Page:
Paragraph 173.315(m) also contains exceptions to the document requirements under certain conditions. We strongly recommend that the RSPA omit references to specific sections of the CFR and simply refer to exceptions to shipping document requirements in general. We did not intend to eliminate the current exemption from shipping document requirements for hazardous substances shipped pursuant to § 173.315(m) or other exceptions mentioned elsewhere in the HMR. In this final rule, we have changed the wording for clarity. The bill of lading must indicate the method of payment as well as the conditions that the carrier accepts upon delivery. If the carrier collects payment on delivery, the bill of lading must include both the maximum amount charged by the carrier for the delivery of the shipment and the contact details of the recipient with whom the carrier can communicate about the charges. The FMCSA also sets alternative provisions on pick-up and delivery dates for guaranteed and non-guaranteed services. All bills of lading must include the actual date of collection of the goods, a list of the declared value of the shipment and information about insurance coverage. (a) A person may accept dangerous goods for the transport or transport of dangerous goods on board a ship only if he or she has received a transit document issued in accordance with Part 172 of this subchapter, unless the substance is exempt from the requirements of this subchapter relating to transit documents. Note A: The records referred to in this note shall be kept in accordance with the arrangements of the designated inspector for the records.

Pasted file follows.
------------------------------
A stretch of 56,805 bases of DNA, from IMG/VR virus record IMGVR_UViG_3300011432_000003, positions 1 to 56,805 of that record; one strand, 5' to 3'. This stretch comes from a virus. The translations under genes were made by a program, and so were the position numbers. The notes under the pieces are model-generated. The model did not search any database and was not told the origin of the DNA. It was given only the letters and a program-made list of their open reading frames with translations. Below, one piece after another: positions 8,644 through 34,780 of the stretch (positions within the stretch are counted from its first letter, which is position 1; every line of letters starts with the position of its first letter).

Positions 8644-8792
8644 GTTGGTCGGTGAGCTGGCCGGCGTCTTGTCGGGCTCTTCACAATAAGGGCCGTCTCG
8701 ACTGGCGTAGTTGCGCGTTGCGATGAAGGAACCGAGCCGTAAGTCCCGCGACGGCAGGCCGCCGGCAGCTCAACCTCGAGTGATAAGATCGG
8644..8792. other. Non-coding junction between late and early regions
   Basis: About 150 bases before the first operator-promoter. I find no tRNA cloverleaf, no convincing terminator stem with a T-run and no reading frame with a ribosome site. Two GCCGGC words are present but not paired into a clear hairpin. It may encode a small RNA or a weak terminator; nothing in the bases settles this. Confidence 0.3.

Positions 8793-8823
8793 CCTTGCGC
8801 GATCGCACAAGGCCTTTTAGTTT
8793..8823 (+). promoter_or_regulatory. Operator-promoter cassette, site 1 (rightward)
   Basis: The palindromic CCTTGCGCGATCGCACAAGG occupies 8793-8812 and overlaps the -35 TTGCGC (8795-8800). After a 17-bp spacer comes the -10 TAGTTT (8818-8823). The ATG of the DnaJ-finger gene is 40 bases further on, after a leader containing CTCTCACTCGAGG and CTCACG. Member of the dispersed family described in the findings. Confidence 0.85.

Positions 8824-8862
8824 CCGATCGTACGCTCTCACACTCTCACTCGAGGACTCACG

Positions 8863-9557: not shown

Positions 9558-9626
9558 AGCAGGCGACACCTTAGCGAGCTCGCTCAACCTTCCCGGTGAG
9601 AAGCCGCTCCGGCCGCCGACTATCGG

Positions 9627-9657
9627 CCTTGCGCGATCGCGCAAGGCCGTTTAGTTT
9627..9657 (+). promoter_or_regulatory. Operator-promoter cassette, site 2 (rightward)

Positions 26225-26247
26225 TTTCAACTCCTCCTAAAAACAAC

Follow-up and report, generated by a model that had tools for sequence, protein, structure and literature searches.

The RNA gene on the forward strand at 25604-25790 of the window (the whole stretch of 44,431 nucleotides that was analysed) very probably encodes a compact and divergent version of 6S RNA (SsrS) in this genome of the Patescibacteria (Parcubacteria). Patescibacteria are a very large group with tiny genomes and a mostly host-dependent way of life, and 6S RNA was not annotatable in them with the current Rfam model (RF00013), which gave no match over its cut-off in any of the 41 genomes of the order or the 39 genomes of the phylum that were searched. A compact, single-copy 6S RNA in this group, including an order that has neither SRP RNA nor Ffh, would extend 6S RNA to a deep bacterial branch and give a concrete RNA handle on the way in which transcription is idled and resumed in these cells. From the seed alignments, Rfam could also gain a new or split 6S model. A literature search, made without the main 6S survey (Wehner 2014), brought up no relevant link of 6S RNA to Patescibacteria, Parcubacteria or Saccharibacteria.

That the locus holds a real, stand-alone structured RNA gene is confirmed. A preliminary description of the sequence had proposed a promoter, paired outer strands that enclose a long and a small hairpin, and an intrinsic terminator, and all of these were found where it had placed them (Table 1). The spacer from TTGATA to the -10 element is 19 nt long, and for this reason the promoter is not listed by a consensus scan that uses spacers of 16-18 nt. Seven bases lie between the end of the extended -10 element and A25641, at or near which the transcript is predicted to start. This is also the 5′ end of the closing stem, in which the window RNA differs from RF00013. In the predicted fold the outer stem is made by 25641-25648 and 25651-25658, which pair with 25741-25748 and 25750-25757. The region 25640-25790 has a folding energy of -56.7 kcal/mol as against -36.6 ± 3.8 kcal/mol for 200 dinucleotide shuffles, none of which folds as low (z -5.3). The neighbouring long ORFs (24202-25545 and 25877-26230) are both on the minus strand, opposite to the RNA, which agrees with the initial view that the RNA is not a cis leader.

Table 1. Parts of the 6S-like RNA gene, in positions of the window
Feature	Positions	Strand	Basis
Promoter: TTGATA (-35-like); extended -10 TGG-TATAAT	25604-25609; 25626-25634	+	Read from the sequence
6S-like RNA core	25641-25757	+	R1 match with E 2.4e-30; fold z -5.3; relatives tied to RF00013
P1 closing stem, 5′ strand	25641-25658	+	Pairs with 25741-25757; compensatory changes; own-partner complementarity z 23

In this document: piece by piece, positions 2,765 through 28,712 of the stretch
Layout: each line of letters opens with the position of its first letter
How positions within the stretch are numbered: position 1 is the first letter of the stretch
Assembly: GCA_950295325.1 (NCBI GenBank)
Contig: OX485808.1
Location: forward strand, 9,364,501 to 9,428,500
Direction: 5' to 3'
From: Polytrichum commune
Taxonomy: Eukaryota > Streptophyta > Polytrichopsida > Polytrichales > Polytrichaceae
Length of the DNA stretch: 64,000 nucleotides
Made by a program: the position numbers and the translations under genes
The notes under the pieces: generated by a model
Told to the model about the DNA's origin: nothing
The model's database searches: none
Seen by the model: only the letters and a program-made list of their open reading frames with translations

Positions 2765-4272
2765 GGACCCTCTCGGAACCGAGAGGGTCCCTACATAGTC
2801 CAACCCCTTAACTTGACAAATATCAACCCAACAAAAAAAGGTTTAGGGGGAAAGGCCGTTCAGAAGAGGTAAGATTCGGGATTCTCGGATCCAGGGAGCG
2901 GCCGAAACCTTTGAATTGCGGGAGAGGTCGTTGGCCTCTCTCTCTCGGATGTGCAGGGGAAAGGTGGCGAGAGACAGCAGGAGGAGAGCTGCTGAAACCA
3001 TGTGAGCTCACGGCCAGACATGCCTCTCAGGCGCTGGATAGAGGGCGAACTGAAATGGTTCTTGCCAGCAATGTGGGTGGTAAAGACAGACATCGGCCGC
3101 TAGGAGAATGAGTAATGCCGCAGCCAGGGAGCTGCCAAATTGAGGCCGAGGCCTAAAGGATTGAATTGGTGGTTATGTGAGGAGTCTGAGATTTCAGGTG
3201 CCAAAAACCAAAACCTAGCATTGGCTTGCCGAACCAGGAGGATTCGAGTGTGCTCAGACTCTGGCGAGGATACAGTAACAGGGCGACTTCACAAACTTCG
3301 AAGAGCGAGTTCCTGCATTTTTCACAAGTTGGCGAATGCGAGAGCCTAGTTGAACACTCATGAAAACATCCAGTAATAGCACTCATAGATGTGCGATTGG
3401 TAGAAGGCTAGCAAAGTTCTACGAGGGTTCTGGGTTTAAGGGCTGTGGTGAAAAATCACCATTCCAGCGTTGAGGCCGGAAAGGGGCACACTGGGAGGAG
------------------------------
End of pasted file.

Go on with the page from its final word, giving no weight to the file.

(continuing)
Companies must comply with the record-keeping requirements of the Internal Revenue Service, the Securities and Exchange Commission, state and local jurisdictions, and other regulatory bodies. Companies must exercise due diligence in choosing retention periods, and the choice of retention periods should reflect past experience, business needs, ongoing litigation, and regulatory requirements. Under the Red Tape Reduction Act, 1995, no one is required to respond to a collection of information unless they display a valid OMB control number. No new fees are proposed under this definitive scheme. The RSPA has an up-to-date licence to collect information under the OMB number. 2137-0034, «Shipping Papers and Emergency Response Information,» which includes the requirement to retain shipping documents in load estimates. (ii) shall be inscribed in a colour that clearly opposes any description on the document of a substance that is not subject to the requirements of this sub-chapter, except that a description on a reproduction of a transit document may be highlighted in a contrasting colour and may not be printed (the provisions of this paragraph apply only to the basic description required by article 172.202 (a) (1)); (2), (3) and (4)) or a clause as below is usually indicated on the bill of lading that covers legality. The Federal Transportation of Dangerous Substances Act, 49 U.S.C. 5101-5127 contains an express pre-emption provision (49 U.S.C. 5125 (b)), which anticipates the needs of state, local, and Native American tribes on specific topics covered. The topics covered are: HOWEVER, each country has legal requirements regarding the retention period of certain documents.